The Race If You Can (Flameshovel)

The veteran Chicago indie-rock band The Race is raw in a different way. Working with glitch-tronica stalwart Charles Cooper of Telefon Tel Aviv, The Race aims for the rotting-technology atmosphere favored by bands like Grandaddy and Radiohead. ... The Race's songs tend to be sort of indistinct—a common trait in futurist modern rock, where anonymity is practically a theme—but the band keeps most of the tracks under three minutes, merely sketching an elusive vision of romantic decay. Visions like that are the lifeblood of indie-rock, the genre where profoundly personal obsessions can connect with a select group of searchers.

—Noel Murray


Washington Social Club

Catching Looks (Badman)

The band bangs out inviting, clean college rock, and that "college" designation is important: The frame of reference here is the late '80s, with reference points that include The Replacements, Pixies, The Woodentops, The Wonder Stuff, Guadalcanal Diary, Billy Bragg, and the like. Even if WSC co-leaders Martin Royle and Olivia Mancini haven't heard half of those bands, they've still inherited their spirit of sweaty, shouty, riveting rock 'n' roll.

.... Washington Social Club needs to minimize the structural repetitiveness on future releases, and maybe pony up for a production style with more physical oomph. But if it can get some traction, it stands a real chance at greatness. Good bands are plentiful, but a band worth devotion is rare. —Noel Murray


Lali Puna's Faking The Books (Morr Music) starts off glitchy and strange enough—no surprise, given the group's association with the German electronic scene—but it quickly, almost symbolically, casts off any deliberate difficulty in favor of mostly pleasing, Stereolab-esque drone-rock.


Sadly more interesting in theory than in practice is Taking Things Apart (Unschooled), the debut album by one-man show Decomposure. Caleb Mueller assembles Autechre-ish pieces using single sound sources; each track title reflects the source ("Scrabble," for instance, is the sound of a board game all mixed up). While the pieces occasionally take unexpected paths—"Piano/Toy Electronic Drumsticks" is nice—they'll mostly appeal to fans of a crowded, often difficult genre...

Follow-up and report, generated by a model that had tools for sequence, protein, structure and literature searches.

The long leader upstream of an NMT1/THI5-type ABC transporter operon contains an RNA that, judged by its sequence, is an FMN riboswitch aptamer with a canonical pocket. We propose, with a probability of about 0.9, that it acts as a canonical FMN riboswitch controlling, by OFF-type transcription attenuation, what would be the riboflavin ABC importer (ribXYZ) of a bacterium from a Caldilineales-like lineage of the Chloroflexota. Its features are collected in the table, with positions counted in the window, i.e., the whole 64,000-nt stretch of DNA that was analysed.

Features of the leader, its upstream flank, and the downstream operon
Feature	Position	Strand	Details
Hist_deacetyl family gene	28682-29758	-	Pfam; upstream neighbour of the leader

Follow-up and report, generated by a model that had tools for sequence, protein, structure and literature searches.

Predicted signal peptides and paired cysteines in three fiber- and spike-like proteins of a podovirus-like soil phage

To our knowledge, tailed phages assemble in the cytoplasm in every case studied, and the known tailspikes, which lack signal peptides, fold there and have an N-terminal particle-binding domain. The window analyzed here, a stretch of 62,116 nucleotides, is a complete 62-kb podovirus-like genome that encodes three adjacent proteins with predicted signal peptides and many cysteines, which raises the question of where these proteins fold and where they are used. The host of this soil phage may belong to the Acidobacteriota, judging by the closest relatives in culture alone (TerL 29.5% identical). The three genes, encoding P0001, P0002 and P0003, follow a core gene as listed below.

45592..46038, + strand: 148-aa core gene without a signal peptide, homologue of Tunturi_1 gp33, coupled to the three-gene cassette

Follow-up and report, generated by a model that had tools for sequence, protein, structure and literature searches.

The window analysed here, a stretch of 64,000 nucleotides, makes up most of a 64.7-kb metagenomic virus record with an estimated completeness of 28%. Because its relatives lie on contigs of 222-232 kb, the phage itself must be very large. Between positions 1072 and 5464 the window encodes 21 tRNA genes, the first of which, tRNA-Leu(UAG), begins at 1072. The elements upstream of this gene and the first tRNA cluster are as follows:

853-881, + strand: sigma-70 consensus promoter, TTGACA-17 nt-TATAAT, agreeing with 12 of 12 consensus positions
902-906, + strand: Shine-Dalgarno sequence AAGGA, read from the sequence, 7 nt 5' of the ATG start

Not that there's a huge amount of clamoring competition, but Múm seemed poised to follow its fellow Icelanders in Sigur Rós into at least some renown. Then somebody started singing a lot, andSummer Make Good (Fat Cat) got a whole lot less listenable. Where 2002's Finally We Are No-Onebridged the meandering and the magical, Summer shatters the spell with creepy vocals by Kristín Anna Valtysdóttir, who sounds for all the world like a horror-movie doll come to life. The precious moments when she's not bestowing the willies still shine, but they're hardly enough to make up for the rest...


What The Thermals' Fuckin A (Sub Pop) lacks in sonic diversity, it makes up for in blessed, nearly awesome energy. The vocals by Hutch Harris rarely stray from a strident shout/sing, but he sells them with a passion that's either 100 percent real or faked amazingly well. It's nothing complicated, but overdriven wonders like "Remember Today" don't need anything more than bass, drums, guitar, and conviction...


Mirah, a sometime contributor to The Microphones, is at her best when she's at her most wistful and naked: "Nobody Has To Stay," the opening track on C'Mon Miracle (K), sets her fragile vocals atop plunking and humming strings to chillingly wonderful effect. Elsewhere, as on "The Light," her sleeve-hearted indie-folk gets more directly poppy and fleshed-out, but her gentle, poised moments sound uplifting and affecting. —Josh Modell

You can read the full review at: